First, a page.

Pesticides are used to control pests and weeds in agriculture however, they unfortunately do not stay in the fields, but flow into bodies of water, eventually contaminating groundwater. Atrazine is such a pesticide; it is a herbicide commonly known as a “weedkiller” that decomposes relatively slowly in the environment.
The use of atrazine has been banned in the European Union since 2003, but in North America, it is still one of the most widely used pesticides, especially for corn, potato, and tomato cultivation. Thus, it can be found wherever conventional farming is practiced and has been identified in the drinking water of millions of people. Conventional methods of treating water cannot break down the herbicide without chemicals, which then themselves release toxic by-products.
Now, professors at the Université du Québec, My Ali El Khakani, expert in nanostructured materials, and Patrick Drogui, a specialist in electrotechnology and water treatment, have joined forces to solve the atrazine problem. They are part of the universities Institut national de la recherche scientifique (INRS) and the aim of their interdisciplinary research is to find an ecological way to degrade atrazine and its major byproducts.
Free radicals and titanium oxide
The researchers decided to adapt a well-known, agent-free process called photoelectro-catalysis (PEC) to the degradation of atrazine. The process works with free radicals that are both highly reactive and unstable, which interact with atrazine molecules and eliminate them.
In a first step, the team developed a light-sensitive photocatalytic material to generate the free radicals. To produce light-sensitive electrodes, they chose titanium oxide as it is chemically stable, inexpensive, and non-toxic. With titanium oxide, however, only UV radiation produces free radicals. Therefore, the researchers incorporated nitrogen and tungsten to the metal, which makes the titanium oxide film sensitive to light in the visible spectrum.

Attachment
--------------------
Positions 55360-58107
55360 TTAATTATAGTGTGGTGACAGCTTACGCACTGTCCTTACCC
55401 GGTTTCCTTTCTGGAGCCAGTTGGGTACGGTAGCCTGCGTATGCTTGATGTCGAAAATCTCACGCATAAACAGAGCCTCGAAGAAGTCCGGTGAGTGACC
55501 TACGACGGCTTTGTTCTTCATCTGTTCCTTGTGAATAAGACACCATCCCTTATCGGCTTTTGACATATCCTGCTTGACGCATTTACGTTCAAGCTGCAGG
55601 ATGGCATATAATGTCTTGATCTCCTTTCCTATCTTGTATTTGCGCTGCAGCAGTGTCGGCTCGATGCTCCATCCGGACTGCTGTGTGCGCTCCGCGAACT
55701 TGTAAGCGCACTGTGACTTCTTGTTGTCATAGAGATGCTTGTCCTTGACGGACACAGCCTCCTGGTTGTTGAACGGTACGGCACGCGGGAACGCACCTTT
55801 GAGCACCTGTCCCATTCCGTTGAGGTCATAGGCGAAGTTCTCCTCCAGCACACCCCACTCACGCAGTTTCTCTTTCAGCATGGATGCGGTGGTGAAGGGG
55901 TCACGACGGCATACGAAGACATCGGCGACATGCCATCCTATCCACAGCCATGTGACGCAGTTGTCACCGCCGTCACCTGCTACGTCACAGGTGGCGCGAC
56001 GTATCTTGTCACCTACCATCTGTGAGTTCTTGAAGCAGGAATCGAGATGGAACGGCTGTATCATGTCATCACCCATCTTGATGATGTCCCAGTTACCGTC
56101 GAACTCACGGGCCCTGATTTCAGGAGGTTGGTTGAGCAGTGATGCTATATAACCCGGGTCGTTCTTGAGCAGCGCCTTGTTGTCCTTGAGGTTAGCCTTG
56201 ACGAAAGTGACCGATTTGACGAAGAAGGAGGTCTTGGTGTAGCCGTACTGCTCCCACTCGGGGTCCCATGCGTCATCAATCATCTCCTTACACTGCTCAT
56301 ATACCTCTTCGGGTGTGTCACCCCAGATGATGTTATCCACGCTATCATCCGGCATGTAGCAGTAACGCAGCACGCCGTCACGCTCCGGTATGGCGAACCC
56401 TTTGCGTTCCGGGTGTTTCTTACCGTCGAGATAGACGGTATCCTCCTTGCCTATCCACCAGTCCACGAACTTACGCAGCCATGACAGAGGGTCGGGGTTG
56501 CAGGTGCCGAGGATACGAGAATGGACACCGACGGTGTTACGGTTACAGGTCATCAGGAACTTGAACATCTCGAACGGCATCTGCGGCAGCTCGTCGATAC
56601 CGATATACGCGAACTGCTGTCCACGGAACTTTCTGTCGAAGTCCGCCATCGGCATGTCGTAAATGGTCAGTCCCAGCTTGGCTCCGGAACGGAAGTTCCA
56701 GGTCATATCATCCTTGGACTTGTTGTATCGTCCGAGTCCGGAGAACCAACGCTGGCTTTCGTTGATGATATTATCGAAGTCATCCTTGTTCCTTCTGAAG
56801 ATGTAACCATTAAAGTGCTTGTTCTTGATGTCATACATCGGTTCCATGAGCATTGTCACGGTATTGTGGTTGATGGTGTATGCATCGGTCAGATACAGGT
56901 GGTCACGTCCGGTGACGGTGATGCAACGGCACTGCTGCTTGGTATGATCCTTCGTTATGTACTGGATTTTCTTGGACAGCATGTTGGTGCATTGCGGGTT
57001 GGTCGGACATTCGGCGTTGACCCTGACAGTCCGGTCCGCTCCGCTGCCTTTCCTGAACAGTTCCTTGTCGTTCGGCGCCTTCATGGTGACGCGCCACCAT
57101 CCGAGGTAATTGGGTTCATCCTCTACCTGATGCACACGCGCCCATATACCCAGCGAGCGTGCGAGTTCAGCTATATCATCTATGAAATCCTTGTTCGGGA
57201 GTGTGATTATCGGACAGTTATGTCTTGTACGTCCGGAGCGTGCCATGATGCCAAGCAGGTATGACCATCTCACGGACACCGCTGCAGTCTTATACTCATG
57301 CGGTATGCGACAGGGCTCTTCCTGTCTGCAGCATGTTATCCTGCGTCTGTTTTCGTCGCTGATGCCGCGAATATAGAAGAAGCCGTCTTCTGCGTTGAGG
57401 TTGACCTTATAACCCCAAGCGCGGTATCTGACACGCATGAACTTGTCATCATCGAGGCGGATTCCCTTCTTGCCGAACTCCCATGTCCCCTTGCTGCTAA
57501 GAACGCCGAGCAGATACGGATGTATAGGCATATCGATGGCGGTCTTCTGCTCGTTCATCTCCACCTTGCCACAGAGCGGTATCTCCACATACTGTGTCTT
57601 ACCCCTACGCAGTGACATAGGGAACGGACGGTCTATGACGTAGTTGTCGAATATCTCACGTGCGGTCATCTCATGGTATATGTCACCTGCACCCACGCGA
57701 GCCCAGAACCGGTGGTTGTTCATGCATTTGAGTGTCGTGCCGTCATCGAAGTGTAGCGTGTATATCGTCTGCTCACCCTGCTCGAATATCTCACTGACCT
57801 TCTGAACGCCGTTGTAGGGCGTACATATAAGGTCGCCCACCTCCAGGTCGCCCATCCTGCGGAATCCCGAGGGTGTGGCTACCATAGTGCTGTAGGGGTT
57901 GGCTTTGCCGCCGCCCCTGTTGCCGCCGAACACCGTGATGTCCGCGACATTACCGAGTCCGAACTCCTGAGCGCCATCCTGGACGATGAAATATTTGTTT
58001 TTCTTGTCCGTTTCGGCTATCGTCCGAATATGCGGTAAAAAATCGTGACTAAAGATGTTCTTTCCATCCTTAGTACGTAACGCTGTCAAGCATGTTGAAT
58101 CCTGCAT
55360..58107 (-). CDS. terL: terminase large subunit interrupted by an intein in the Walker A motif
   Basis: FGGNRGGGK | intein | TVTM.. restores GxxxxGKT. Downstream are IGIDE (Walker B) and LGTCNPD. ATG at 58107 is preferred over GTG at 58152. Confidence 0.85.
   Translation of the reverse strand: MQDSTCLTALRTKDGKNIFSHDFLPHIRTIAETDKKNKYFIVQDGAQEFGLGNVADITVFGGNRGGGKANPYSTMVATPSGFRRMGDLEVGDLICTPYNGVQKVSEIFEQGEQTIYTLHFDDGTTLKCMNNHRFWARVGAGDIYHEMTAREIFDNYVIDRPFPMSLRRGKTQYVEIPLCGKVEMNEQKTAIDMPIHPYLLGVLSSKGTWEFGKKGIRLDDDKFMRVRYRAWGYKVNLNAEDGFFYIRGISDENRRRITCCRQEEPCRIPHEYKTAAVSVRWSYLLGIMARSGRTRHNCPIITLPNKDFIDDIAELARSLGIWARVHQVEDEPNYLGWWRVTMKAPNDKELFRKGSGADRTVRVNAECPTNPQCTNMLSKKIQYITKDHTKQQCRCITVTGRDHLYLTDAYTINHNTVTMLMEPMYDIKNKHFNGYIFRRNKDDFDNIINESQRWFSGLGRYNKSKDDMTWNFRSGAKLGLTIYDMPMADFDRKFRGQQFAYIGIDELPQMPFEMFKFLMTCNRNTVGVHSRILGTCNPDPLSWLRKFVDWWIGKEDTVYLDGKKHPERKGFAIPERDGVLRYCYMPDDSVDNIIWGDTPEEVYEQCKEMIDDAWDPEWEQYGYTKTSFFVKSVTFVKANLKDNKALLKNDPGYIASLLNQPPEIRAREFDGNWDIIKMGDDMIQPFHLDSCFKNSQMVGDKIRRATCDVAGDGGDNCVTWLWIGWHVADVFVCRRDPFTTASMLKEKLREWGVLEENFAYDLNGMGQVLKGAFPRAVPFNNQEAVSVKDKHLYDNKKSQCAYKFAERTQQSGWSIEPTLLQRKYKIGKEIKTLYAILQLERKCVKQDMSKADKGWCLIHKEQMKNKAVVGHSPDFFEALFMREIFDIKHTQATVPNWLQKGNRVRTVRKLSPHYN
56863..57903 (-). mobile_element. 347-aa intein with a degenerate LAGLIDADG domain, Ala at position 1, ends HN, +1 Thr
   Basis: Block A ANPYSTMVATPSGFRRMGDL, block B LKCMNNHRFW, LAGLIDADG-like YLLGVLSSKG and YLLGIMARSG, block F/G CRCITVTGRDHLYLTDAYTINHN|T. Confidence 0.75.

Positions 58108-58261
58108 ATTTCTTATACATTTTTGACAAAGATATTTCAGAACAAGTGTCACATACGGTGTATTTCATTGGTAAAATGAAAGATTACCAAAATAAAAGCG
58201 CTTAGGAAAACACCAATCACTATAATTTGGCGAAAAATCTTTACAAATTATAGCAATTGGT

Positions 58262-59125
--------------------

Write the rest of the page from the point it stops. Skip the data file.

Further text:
Laboratory and real samples of water
In lab conditions, the new photocatalytic material eliminated about 60% of the pesticide after 300 minutes of treatment. Subsequently, the researchers took real samples of water collected from the Nicolet River in Quebec, Canada, near areas of intensive agriculture. In these real world samples, only 8% of the atrazine was being degraded using their new technique.
The team speculated that three circumstances had led to the poor result: 1) additionally suspended particles hindered the light from reaching the photoelectrode; 2) unwanted chemical species and small particles built up on the electrode, reducing its active surface area; and 3) bicarbonates and phosphates present in the water sample trap free radicals, preventing them from reacting with atrazine. After filtering these water samples, the team was able to degrade 38-40% of atrazine.
According to El Khakani: “Our electro-photo-catalytic process should be applied as a tertiary treatment after removing the maximum of pollutants or other different species present in water by using primary and secondary well-established water treatments.
“The next step forward is to scale up the PEC approach to treat larger water volumes. At INRS, we do have experience with pre-industrial treatment reactors, but then we have to figure out how to compose photoelectrodes larger than those used in the actual proof-of-principle study,” he added. “We can certainly take advantage of the nanostructuration of our photoelectrodes to access a large surface area.
I think the quality of drinking water is of paramount importance, so a promising avenue would be to put such EPC processes at the end of the water treatment chain before delivering drinkable water.”
Next steps will also be to eliminate antibiotic residues in water with the PEC approach. “[We hope to apply this technology to] emerging pollutants that cannot be otherwise removed,” concluded El Khakani.